The ambiance contributed to the right mood: in fact, as heavy rain fell, the seraphic french-helvetic Truffaz allowed the public to gather around him and his group (Patrick Muller on keyboards, Marcello Giuliani on bass and Marc Erbetta on drums), on stage, under the only covered side of the dismissed church, in order to shelter them from the cloudburst.
A loop on the electric bass starts the performance, and the intense timbre of Truffaz’s trumpet suddenly spreads around, wrapping everything and everyone. Fine interplay among the musicians, and minimalist drumming, sometimes syncopated, supports the bass that exploits cadences to let even silence play its own part in building up the tune. The sound of Truffaz’s horn is fresh and plain, rounded, and, on the coda, nice timing on drums treats a rhythmic and chanted solo, with reverberating snare. The trumpeter’s playing and improvisations are even and fair, instilling suspense, sometimes meditative, sometimes fluent, never obsessive and always tasteful.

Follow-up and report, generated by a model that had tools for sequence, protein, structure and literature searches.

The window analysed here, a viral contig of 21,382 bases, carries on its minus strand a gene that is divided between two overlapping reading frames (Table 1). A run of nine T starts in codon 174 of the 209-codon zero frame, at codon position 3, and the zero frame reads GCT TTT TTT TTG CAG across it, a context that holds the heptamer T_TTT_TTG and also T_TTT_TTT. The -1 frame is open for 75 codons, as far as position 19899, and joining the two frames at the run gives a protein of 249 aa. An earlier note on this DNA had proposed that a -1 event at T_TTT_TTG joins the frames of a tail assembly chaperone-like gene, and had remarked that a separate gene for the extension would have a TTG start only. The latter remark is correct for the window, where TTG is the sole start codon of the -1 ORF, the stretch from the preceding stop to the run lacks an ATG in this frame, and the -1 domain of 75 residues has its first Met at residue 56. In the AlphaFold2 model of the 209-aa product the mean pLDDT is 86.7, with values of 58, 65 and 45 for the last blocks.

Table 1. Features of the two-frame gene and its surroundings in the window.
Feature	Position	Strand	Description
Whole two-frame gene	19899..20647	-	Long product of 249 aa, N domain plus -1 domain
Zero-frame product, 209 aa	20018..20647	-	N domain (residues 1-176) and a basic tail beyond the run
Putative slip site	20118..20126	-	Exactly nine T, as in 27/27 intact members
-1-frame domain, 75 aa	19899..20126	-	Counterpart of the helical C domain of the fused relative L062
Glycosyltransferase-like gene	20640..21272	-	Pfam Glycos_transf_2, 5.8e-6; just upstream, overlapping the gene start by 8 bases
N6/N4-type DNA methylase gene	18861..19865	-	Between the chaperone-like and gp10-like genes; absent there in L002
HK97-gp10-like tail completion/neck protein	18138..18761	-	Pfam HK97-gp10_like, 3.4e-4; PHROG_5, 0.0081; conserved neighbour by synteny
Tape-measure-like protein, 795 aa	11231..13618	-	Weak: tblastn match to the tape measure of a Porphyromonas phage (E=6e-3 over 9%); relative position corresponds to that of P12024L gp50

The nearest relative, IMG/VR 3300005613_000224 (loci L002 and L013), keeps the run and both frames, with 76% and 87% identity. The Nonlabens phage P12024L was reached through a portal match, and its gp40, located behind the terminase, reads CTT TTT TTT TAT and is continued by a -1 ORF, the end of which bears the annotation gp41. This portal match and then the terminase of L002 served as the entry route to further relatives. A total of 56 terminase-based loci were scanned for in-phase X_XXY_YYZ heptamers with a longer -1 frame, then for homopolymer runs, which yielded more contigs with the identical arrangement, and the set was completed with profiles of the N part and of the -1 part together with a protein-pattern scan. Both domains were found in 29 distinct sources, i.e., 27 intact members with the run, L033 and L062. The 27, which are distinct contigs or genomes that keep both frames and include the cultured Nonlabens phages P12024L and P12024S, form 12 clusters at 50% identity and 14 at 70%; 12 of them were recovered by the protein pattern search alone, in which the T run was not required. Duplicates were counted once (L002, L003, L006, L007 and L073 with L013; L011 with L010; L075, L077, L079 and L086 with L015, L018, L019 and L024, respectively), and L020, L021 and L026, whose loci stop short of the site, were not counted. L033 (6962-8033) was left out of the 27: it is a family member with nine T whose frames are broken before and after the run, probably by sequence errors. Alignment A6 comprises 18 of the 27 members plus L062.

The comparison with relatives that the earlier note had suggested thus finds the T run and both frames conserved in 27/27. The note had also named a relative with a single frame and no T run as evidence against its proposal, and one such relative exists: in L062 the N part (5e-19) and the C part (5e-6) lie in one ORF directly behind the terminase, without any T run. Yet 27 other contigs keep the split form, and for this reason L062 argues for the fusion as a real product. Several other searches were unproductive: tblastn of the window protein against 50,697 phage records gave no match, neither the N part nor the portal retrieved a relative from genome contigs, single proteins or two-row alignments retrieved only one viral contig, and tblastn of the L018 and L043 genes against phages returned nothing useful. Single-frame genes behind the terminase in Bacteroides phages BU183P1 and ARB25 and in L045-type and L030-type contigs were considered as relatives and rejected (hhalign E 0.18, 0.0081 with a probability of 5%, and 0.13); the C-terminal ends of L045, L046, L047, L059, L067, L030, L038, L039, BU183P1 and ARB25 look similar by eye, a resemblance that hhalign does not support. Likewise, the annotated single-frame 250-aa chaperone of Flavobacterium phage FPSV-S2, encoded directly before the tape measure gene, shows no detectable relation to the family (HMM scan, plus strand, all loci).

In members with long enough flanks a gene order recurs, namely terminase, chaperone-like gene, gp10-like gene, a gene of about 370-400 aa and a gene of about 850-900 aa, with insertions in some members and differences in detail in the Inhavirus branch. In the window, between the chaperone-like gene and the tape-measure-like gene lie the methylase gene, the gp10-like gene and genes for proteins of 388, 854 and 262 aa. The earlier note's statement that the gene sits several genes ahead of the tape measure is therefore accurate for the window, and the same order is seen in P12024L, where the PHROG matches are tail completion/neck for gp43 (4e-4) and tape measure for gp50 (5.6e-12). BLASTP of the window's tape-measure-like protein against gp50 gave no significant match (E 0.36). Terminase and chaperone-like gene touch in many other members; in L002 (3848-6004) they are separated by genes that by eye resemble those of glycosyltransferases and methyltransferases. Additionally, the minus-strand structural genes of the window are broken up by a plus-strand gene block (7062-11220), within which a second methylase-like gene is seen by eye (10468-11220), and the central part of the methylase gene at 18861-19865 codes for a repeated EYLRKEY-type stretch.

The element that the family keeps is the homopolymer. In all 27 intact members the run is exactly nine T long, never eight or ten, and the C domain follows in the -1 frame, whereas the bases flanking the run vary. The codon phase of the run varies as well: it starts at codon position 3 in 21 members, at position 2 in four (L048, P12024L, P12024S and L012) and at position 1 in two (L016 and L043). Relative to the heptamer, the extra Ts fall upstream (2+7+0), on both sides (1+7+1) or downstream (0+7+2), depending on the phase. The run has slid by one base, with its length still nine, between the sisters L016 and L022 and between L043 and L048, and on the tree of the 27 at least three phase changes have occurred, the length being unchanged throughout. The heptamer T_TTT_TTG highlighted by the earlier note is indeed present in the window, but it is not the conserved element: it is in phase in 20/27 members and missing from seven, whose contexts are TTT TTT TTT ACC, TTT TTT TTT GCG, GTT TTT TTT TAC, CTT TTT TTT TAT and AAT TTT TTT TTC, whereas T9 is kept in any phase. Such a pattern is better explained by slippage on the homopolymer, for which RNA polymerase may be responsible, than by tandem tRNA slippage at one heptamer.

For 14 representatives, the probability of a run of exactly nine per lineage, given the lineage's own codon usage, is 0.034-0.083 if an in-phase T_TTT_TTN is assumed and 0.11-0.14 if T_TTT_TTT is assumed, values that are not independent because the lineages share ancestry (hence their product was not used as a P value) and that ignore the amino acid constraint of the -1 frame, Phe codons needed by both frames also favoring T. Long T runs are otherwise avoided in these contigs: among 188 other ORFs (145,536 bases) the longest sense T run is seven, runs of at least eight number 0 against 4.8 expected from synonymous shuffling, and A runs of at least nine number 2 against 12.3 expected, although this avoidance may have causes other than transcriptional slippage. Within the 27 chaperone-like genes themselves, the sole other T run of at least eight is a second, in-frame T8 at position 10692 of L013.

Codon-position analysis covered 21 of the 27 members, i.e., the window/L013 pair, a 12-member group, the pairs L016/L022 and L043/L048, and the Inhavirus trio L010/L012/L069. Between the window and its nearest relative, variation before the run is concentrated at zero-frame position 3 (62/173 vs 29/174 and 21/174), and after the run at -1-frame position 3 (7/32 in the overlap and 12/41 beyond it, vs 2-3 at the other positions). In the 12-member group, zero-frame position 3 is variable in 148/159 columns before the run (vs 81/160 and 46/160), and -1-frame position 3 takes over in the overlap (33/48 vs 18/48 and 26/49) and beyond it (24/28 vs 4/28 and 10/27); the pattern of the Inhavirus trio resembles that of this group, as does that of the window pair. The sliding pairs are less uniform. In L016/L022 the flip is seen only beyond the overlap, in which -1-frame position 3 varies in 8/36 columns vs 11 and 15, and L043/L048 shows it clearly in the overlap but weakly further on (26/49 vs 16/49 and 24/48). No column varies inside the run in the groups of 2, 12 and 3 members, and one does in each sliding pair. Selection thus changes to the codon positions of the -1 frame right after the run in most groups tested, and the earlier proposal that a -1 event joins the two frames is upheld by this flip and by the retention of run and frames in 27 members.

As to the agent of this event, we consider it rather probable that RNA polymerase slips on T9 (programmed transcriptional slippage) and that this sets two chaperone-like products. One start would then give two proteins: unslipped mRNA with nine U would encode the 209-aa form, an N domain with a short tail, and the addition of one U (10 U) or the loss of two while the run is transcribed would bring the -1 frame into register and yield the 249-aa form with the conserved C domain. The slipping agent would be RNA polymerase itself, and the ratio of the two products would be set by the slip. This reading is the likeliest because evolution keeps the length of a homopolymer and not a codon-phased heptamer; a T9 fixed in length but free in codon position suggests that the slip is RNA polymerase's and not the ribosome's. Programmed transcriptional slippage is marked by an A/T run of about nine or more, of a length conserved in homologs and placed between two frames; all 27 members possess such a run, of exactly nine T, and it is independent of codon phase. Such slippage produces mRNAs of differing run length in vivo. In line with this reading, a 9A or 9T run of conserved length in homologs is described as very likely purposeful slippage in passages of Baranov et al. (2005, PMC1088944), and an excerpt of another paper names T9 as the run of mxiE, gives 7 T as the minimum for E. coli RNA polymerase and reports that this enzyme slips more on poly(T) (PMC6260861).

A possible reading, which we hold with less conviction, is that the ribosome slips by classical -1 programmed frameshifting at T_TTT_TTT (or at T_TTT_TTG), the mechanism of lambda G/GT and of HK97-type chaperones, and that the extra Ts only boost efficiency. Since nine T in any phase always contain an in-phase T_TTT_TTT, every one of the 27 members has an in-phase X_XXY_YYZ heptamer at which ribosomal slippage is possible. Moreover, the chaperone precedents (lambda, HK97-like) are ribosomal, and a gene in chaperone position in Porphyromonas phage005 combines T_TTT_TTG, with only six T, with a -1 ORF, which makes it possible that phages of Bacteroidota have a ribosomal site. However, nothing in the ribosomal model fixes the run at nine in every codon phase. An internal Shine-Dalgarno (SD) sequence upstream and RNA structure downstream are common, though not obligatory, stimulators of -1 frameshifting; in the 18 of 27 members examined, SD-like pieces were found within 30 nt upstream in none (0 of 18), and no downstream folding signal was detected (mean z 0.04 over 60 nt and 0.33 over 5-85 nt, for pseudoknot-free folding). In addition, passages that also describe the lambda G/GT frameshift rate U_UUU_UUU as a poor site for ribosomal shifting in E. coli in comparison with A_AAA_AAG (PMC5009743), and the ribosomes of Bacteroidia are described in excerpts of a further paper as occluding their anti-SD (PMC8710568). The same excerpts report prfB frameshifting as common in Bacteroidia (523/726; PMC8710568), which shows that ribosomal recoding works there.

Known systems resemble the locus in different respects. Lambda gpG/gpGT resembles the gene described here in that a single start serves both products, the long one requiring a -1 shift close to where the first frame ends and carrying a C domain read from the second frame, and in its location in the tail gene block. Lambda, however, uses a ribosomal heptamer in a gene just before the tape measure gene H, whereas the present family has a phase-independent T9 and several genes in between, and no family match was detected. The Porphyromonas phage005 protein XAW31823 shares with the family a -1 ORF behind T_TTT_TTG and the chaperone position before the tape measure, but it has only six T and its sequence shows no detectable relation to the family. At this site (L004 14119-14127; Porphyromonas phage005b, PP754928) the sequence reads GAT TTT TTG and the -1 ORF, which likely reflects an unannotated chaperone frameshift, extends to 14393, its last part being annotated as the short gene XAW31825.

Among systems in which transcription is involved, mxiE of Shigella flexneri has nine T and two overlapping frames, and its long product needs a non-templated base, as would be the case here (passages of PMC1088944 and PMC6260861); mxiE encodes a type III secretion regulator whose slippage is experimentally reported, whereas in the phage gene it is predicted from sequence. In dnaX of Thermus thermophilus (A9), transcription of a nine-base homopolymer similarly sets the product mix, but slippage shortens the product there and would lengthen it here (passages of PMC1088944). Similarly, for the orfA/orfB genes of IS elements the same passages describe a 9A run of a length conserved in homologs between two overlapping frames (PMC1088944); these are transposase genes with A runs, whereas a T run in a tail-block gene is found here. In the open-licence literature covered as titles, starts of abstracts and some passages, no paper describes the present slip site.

Long-standing notes from the bass, under the electronic chords of the Fender piano, provide fertile humus for atmospheric sounds, while the song hems a funky-groove, very easy. Even more electronic effects are present in the fourth piece, but they never dominate, simply surrounding the voice of the trumpet. Percussions are the main character of the intro in The walk of the Giant Turtle, with percussionist Marc Erbetta producing a singsong voice, while messing with the parade of effect engines placed at his feet. The piano plays stopped notes and, finally, the muted-trumpet enters its part, to mark the evocative atmosphere of this tune, which is the title song of the album. The Mask is another work from this particular jazzman that contributes much to the set list, with songs such as Bending new corners, The Dawn, Arroyo and also, as the encore, the tune Betty.
Even with the inclusion of such odd electronic items, the set results are very attractive and full of rich sounds, where the trumpet constitutes the main voice in this multi-coloured ensemble.
Thus, with his music and trumpeting style, Truffaz confirms himself as one of the most interesting trumpet-players in the contemporary jazz scene.